|Publication number||US4798635 A|
|Application number||US 06/718,291|
|Publication date||Jan 17, 1989|
|Filing date||Apr 1, 1985|
|Priority date||Mar 30, 1984|
|Also published as||CA1243862A, CA1243862A1, DE3567228D1, EP0156778A2, EP0156778A3, EP0156778B1|
|Publication number||06718291, 718291, US 4798635 A, US 4798635A, US-A-4798635, US4798635 A, US4798635A|
|Inventors||Sven-Olov Bernhardsson, Hans F. Eriksson, Sven P. Norberg, Lars O. H. Forssell, Nils R. Lindqvist|
|Original Assignee||Santrade Limited|
|Export Citation||BiBTeX, EndNote, RefMan|
|Patent Citations (3), Non-Patent Citations (2), Referenced by (35), Classifications (13), Legal Events (5)|
|External Links: USPTO, USPTO Assignment, Espacenet|
The present invention relates to a ferritic austenitic Cr-Ni-N steel alloy with a stable austenite phase, with good resistance to general corrosion and good weldability. Duplex stainless steels (ferritic-austenitic) have been increasingly demanded in chemical processing industries. Commercially available duplex steels are mainly alloyed with Mo, the reason being those technical difficulties that are inherent with Mo-free duplex stainless steels since they are unable to meet the properties needed in construction materials for instance that no phase deformation should occur when subjecting the material to cold reduction at a moderate degree.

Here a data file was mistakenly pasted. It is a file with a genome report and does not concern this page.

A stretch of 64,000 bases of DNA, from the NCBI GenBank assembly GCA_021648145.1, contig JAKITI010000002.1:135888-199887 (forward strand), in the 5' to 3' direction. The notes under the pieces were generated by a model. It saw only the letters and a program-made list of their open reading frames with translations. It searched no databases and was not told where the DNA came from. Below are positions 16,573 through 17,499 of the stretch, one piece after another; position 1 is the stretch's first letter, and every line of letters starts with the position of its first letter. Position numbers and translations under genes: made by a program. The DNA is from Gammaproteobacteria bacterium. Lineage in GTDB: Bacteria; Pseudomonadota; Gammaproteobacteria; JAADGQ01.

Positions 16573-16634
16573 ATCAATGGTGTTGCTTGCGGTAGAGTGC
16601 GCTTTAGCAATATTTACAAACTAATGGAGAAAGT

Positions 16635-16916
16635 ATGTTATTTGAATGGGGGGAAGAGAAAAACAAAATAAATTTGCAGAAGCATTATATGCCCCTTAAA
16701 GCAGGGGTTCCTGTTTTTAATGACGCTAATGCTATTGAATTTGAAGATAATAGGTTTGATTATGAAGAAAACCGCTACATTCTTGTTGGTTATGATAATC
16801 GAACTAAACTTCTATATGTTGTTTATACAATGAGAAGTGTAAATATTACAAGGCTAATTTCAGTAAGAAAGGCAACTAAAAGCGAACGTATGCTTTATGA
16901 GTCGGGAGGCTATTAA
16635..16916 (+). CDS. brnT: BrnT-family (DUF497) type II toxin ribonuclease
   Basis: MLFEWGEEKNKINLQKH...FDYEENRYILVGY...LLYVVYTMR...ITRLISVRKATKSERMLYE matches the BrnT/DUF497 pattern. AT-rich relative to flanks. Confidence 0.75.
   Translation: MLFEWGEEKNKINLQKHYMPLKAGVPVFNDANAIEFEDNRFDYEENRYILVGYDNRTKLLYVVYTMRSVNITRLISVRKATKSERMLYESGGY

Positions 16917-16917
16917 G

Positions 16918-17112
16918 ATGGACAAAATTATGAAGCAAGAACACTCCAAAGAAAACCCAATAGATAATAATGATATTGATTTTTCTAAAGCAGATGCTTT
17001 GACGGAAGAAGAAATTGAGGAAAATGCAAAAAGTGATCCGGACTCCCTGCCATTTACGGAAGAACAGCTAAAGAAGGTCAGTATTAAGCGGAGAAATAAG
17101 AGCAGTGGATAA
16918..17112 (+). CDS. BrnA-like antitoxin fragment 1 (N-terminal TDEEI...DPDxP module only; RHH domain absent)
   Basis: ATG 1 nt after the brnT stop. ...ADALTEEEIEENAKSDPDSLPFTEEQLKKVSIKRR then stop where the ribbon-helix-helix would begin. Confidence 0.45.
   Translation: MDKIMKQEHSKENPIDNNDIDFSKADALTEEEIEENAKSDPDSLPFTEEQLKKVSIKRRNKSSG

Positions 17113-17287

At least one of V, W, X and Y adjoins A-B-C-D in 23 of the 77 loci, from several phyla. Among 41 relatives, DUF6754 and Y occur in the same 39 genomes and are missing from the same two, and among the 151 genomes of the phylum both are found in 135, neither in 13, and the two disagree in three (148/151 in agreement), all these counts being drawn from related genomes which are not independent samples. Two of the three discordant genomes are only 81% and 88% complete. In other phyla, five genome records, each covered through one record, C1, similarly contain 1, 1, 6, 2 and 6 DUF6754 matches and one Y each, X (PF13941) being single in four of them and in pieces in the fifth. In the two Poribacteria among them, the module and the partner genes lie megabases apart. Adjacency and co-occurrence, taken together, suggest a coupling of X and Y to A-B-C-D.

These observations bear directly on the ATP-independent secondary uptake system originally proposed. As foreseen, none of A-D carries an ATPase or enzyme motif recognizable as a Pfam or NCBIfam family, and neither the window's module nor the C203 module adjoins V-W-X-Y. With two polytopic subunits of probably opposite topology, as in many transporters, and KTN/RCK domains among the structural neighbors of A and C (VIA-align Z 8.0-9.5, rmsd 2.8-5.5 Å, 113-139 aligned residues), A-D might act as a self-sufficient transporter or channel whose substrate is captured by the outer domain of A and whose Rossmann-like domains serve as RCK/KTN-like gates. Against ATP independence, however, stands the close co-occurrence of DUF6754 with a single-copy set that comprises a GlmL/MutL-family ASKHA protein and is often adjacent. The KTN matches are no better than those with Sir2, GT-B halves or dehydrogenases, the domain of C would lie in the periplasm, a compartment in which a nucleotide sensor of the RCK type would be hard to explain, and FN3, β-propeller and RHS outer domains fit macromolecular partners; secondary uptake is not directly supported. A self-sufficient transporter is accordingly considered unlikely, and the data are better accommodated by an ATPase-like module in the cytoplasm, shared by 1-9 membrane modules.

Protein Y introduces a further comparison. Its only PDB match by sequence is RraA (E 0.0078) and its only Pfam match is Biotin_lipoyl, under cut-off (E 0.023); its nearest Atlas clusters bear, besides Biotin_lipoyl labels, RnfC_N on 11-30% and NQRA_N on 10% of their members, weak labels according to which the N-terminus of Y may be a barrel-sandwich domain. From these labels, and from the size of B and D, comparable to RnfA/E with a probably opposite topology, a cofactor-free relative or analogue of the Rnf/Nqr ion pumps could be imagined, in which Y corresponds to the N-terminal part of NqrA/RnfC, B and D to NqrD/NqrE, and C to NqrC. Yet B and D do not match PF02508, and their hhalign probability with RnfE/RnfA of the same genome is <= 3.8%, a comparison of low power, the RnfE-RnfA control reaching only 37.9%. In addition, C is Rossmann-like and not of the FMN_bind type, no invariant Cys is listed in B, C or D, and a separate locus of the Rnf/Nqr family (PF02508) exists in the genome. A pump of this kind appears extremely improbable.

Due to systematic research and development a new type of duplex stainless steel, mainly free from Mo, has been developed which has a controlled and optimized balance of constituents which gives surprisingly good properties.
FIG. 1 is a graph which illustrates the results of Huey tests for certain alloys.
FIG. 2 is a graph which illustrates the results of stress corrosion tests for certain alloys.
The basic composition of the present inventive stainless steel is:
______________________________________C not more than 0.06%Si not more than 1.5%Mn not more than 4.0%Cr 21.0-24.5%Ni 2.0-5.5%Cu 0.01-1.0%N 0.05-0.3%______________________________________